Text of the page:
Advocacy training slated
Updated March 28, 2018
RALEIGH, N.C. — The NC AIDS Action Network has announced that it will conduct regional advocacy trainings across North Carolina during the spring.
The sessions will help community members learn about the current state of HIV and viral hepatitis policy, as well as best practices on how to have an effective meeting with a decision maker around policies that impact the public. This warm up will be preparation for the statewide HIV advocacy day, HIV Speaks on Jones Street, on June 12 where advocates will visit state legislators and educate them about policies that improve the lives of individuals living with HIV and AIDS across the state.
Trainings will be held from 5:30-7:30 p.m. with participants being served dinner.
On the calendar are: Asheville, April 16, Kenilworth Center, 4 Chiles Ave., bit.ly/FAYAdvocacyinAction2018; Charlotte, April 17, Packard Place, 222 S. Church St., bit.ly/CLTAdvocacyinAction2018; Greensboro, April 19, Higher Ground, 210 E. Bessemer Ave., bit.ly/TRIADAdvocacyinAction2018; Fayetteville, April 24, Community Health Interventions and Sickle Cell Agency, 2409 Murchison Rd., bit.ly/FAYAdvocacyinAction2018; and Durham, April 25, Durham Technical Community College, 1637 E. Lawson St., bit.ly/TRIANGLEAdvocacyinAction2018.
Sessions in Wilmington and Greenville will be announced at a later date.
HIV Speaks on Jones Street begins early in the morning on June 12 and runs until both chambers of the North Carolina General Assembly (House and Senate) go into session at 3 p.m. Registration begins at 8 a.m. and is required and free. (Even though there is no charge to register, organizers will appreciate contributions of $10 or $25 to help defray costs.) Advocacy and issue training follows from 8:45-10 a.m. at the North Carolina Museum of History, 5 E. Edenton St. Breakfast is provided.
After the initiative, NC AIDS Action Network will host its annual Advocacy After Hours at 5 p.m. at The District, 317 W. Morgan St. #117.
A block of rooms is being offered at a negotiated rate of $109 per night at the Holiday Inn Express, 320 Hillsborough St. Rooms must be booked by May 11 to guarantee the rate. Call the hotel at 919-832-0501 for reservations or visit bit.ly/2u4hd3K to register online.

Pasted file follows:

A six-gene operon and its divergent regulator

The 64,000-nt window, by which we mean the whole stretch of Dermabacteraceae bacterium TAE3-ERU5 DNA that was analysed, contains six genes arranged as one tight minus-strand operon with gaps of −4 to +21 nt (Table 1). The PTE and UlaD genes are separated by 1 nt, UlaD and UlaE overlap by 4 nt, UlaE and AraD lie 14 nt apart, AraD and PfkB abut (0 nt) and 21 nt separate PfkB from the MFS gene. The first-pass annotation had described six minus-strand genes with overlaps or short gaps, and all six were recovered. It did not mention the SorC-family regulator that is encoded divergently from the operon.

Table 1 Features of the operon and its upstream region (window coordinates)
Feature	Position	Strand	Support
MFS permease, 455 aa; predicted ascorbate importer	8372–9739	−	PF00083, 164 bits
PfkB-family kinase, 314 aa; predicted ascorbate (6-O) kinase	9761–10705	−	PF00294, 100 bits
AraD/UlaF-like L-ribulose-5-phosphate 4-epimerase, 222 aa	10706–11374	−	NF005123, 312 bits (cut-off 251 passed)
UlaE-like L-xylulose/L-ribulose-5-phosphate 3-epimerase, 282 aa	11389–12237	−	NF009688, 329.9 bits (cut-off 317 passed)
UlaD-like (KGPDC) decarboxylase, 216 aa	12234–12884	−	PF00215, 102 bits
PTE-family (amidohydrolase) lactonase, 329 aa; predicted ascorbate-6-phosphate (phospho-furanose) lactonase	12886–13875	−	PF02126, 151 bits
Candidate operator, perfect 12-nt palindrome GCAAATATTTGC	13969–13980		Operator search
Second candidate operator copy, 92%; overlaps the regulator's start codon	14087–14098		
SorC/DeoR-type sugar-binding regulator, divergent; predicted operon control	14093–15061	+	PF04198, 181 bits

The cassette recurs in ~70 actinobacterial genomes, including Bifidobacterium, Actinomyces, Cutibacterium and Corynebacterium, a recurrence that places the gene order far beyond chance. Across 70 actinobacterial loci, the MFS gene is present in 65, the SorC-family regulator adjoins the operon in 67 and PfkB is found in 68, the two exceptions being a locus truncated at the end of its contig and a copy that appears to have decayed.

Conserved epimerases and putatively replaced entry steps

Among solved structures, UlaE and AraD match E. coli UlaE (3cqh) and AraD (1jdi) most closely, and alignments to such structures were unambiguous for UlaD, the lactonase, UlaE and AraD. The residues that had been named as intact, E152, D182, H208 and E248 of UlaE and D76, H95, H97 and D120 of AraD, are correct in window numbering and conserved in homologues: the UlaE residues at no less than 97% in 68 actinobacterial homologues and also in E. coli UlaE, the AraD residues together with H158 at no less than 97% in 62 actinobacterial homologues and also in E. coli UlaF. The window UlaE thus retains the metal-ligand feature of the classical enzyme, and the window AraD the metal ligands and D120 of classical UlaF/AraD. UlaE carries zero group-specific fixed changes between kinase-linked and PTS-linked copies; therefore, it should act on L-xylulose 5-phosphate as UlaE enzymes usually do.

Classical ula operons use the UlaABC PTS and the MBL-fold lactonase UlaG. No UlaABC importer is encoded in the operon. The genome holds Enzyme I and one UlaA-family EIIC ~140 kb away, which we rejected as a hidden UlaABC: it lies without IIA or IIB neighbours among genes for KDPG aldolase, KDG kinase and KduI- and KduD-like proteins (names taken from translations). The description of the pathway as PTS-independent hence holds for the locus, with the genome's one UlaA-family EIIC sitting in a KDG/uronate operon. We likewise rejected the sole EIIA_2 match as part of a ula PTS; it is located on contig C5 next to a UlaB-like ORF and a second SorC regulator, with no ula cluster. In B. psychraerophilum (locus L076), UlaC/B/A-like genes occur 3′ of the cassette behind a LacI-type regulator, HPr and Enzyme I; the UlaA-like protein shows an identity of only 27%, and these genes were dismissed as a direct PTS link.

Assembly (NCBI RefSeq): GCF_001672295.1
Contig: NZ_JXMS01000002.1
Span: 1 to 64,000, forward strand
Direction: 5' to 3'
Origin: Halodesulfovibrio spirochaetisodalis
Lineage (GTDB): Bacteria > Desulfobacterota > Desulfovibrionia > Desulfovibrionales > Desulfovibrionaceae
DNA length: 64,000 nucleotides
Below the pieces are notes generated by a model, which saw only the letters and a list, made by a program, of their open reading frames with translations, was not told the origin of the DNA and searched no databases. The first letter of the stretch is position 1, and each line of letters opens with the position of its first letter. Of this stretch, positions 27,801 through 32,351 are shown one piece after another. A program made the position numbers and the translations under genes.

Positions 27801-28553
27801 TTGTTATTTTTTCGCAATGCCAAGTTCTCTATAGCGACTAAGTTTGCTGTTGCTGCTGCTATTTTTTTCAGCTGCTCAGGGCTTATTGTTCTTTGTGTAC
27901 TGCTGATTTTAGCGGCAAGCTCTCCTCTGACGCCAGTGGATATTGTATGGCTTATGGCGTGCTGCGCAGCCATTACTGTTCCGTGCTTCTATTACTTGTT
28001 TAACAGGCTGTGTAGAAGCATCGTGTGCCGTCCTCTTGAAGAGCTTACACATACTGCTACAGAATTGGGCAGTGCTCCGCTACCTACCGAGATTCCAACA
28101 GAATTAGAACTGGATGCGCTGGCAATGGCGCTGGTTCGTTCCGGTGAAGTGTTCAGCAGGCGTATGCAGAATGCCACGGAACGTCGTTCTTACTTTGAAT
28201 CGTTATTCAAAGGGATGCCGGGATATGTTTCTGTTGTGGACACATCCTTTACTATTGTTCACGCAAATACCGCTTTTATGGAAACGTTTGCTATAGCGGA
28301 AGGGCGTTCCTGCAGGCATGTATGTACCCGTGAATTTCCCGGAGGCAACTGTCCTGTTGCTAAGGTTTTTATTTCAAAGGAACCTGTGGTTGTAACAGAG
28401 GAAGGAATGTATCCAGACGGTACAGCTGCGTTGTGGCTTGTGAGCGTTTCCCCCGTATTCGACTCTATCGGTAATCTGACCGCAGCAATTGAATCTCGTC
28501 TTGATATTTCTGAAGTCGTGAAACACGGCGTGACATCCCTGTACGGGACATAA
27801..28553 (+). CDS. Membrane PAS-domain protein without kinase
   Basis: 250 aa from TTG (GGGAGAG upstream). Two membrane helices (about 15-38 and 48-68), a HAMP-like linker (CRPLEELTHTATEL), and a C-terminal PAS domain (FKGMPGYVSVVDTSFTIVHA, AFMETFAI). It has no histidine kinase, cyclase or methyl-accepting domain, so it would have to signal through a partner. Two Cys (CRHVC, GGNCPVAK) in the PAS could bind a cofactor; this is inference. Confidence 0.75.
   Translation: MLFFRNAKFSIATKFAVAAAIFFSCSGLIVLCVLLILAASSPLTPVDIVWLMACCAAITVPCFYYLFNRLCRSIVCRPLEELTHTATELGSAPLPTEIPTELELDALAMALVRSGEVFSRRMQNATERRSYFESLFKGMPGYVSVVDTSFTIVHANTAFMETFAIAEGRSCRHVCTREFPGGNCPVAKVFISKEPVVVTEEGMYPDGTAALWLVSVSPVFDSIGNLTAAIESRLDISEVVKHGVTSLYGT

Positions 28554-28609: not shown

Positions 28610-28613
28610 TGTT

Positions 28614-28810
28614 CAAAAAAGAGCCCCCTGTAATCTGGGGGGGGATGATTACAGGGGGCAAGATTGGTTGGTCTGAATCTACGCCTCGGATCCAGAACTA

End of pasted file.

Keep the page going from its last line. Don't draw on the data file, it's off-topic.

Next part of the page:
HIV Speaks on Jones Street is presented by the Crape Myrtle Festival.
ACLU annual meeting upcoming
RALEIGH, N.C. — ACLU of North Carolina will hold its annual meeting on May 20, 2 p.m., at The McKimmon Conference & Training Center, 1101 Gorman St.
The organization has invited the community to the event where they can enjoy light refreshments while mingling with fellow supporters from 2-2:30 p.m. and vote for new members of the board of directors.
Featured at this year’s annual meeting will be a panel discussion from 2:30-4 p.m. on the state’s “shameful system of cash bail and how it has created a two-tiered system of justice” across the state, the organization shared. Attendees will learn how to get involved with the ACLU’s new Campaign for Smart Justice.
Karen Anderson, executive director of ACLU of North Carolina will serve as speaker during the meeting.
The event is free and open to everyone. One does not have to be an ACLU member to attend. RSVP are requested by visiting bit.ly/2DEeJIJ.
Pride mermaid fest delights
SAVANNAH, Ga. — Savannah Pride will hold its inaugural Mermaid Fest from March 23-24 on Tybee Island, Ga.
The two-day celebration includes music, parties, club crawls, beach games, mermaids and mermen. Highlighting the event will be an appearance by Blixunami, the gay Geechie Merman, a national, popular mermen.
“Savannah Pride attracts people from all over the world for our annual Pride Festival during the Halloween weekend,” said Rich Walczak, one of the organizers. “Mermaid Fest is a chance to show that Savannah is a year-round LGBTQ destination, where five miles of beaches are only 20 minutes away from a historic downtown.”
More information is available online.
NCAAN nets Taylor grant
LOS ANGELES, Calif. — The North Carolina AIDS Action Network (NCAAN) has been awarded a grant for $3,000 from The Elizabeth Taylor AIDS Foundation (ETAF) in partnership with Macy’s.
The grant will be used toward public education and implementation efforts following North Carolina’s recent updates to its HIV control measures. This will be a vehicle used to reject stigma and the misconceptions surrounding HIV transmission while significantly improving the overall public health of the state.
“The work that the North Carolina AIDS Action Network does to help people affected by HIV & AIDS is impressive, and very much aligned with Elizabeth Taylor’s passionate commitment to the cause,” said Joel Goldman, managing director of The Elizabeth Taylor AIDS Foundation. “ETAF and our partners at Macy’s are thrilled to present the North Carolina AIDS Action Network with these funds to help further our shared mission.”
“Elizabeth Taylor was one of the earliest leaders or celebrities to speak out about the importance of HIV treatment and prevention,” said Lee Storrow, NCAAN’s executive director. “We’re incredibly honored for the recognition of our work in North Carolina and the support from her foundation.”
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